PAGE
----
Biomolecules rarely function in isolation, hence a thorough understanding of biological processes is dependent upon an examination of complexes of biomolecules, and the interactions between complexes. For example, large-scale motions occur and are often essential for biomolecule function, especially with regard to proteins. Theoretical approaches developed for folding which incorporate the interplay between energetics and configurational entropy can now be utilized to study protein function. Discovering the physical and molecular aspects of protein binding underpins the understanding of all cellular functions.
Protein recognition and binding, which result in either transient or long-lived complexes, play a fundamental role in many biological functions, but sometimes also result in pathologic aggregates. Using simplified simulation models, we survey a range of systems where two highly flexible protein chains form a homodimer. Owing to the minimal frustration principle, we find that, as in the case of protein folding, the native topology is the major factor that governs the choice of binding mechanism. In all cases, the model that corresponds to a perfectly funneled energy landscape for folding and binding, reproduces the macroscopic experimental observations on whether folding and binding are coupled in one step or whether intermediates occur. Even when the monomer is stable on its own, binding sometimes occurs fastest through unfolded intermediates thus showing the speedup envisioned in the fly-casting scenario for molecular recognition.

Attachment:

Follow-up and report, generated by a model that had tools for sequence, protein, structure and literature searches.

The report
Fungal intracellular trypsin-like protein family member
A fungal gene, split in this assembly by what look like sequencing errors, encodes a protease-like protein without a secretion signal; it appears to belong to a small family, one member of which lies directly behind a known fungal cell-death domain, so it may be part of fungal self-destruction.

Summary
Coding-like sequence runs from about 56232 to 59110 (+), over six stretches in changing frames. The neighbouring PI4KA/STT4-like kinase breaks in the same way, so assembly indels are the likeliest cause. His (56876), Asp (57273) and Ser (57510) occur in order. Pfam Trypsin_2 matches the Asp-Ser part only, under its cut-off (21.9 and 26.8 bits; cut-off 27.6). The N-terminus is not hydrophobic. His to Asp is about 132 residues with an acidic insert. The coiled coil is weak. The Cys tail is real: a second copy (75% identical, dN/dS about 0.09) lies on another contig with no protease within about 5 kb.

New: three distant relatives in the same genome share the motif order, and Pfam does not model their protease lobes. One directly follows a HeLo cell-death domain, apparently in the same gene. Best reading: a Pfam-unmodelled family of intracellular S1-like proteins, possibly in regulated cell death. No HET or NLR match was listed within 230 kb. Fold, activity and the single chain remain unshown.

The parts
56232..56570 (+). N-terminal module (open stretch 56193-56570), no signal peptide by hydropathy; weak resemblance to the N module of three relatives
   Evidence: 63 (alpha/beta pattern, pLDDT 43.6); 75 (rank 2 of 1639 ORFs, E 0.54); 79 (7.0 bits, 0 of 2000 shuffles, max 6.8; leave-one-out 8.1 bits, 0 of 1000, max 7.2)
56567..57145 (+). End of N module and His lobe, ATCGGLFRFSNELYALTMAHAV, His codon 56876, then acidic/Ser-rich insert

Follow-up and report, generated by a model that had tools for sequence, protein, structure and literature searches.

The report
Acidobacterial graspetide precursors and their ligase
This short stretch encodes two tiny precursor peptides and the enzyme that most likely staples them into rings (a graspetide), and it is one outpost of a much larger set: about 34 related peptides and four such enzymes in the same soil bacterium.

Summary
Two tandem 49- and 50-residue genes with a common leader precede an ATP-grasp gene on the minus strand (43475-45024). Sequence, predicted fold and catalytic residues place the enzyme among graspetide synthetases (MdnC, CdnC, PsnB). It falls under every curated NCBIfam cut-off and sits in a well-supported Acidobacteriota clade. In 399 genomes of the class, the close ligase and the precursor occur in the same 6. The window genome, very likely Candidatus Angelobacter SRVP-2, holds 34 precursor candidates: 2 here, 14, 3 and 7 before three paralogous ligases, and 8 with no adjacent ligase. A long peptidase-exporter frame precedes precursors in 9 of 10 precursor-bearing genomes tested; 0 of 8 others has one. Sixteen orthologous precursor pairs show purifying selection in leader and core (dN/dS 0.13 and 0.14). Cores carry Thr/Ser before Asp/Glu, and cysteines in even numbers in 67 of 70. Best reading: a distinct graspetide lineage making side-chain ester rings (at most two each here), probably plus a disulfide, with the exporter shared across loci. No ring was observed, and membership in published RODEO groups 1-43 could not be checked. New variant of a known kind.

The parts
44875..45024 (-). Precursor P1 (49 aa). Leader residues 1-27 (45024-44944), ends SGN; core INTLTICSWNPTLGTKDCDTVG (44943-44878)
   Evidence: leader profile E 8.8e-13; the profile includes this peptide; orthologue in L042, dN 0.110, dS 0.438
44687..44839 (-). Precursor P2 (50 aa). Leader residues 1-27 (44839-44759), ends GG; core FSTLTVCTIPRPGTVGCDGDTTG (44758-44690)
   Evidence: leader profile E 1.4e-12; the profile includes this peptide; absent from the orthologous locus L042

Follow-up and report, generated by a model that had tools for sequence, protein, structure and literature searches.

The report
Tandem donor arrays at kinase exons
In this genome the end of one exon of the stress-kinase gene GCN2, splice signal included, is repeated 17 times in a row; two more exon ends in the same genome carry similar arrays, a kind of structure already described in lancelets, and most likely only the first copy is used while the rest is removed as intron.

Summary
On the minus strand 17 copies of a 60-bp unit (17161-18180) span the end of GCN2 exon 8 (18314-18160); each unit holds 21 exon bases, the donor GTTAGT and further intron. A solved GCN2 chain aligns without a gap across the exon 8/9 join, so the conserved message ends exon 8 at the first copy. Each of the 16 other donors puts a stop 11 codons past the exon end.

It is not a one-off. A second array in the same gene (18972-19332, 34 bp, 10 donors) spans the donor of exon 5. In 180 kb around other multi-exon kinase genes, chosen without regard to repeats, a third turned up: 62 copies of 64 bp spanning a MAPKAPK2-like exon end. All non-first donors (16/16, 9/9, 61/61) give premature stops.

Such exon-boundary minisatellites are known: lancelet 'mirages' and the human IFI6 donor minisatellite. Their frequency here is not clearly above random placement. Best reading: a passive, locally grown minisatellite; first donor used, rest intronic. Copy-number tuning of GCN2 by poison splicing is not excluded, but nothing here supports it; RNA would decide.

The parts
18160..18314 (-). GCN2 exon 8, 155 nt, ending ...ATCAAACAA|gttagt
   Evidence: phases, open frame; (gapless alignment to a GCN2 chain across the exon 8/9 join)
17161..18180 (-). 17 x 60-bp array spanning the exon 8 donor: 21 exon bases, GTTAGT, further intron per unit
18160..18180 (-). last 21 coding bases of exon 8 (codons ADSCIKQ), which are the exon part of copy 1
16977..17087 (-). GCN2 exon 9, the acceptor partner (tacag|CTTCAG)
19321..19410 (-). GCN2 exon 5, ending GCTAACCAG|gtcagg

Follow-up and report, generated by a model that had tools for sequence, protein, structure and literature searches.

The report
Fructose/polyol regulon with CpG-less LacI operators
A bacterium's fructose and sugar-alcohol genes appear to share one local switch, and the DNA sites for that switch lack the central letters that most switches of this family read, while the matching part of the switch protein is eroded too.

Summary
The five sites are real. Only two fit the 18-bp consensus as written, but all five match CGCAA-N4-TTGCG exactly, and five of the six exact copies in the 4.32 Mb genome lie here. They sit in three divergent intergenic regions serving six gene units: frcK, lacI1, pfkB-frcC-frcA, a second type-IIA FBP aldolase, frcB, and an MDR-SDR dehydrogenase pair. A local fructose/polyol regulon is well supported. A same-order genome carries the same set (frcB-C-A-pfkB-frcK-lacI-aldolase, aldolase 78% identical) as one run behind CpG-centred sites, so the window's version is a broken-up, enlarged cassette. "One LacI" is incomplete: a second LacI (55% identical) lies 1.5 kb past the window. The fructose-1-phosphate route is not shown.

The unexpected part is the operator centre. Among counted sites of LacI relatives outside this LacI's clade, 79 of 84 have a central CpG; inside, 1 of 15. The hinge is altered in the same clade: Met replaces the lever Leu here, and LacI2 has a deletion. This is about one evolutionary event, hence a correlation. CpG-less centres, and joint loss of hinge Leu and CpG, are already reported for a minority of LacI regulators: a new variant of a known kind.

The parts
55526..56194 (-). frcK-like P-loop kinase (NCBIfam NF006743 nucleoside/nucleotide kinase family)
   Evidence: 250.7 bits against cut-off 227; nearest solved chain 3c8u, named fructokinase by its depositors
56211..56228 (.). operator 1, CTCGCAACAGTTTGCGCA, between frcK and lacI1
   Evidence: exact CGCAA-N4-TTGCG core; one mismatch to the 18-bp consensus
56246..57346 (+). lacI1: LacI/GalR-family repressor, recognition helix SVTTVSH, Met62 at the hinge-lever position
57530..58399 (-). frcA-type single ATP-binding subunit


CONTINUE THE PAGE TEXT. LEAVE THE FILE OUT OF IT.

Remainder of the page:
We focus on understanding mechanisms of protein association and the degree of protein plasticity involved in these reactions. Quantifying the capacity of a protein to bind to other specific proteins is also crucial to understand the networks of protein interaction. Deciphering the key steps in protein self-assembly has practical applications for designing medications. Instead of targeting a single molecule in the cell, more effective pharmaceuticals would eradicate a pathogen’s complete network, obstructing harmful assemblies of proteins that are the cause of many neurodegenerative diseases such as Creuzfeld-Jacob and Alzheimer.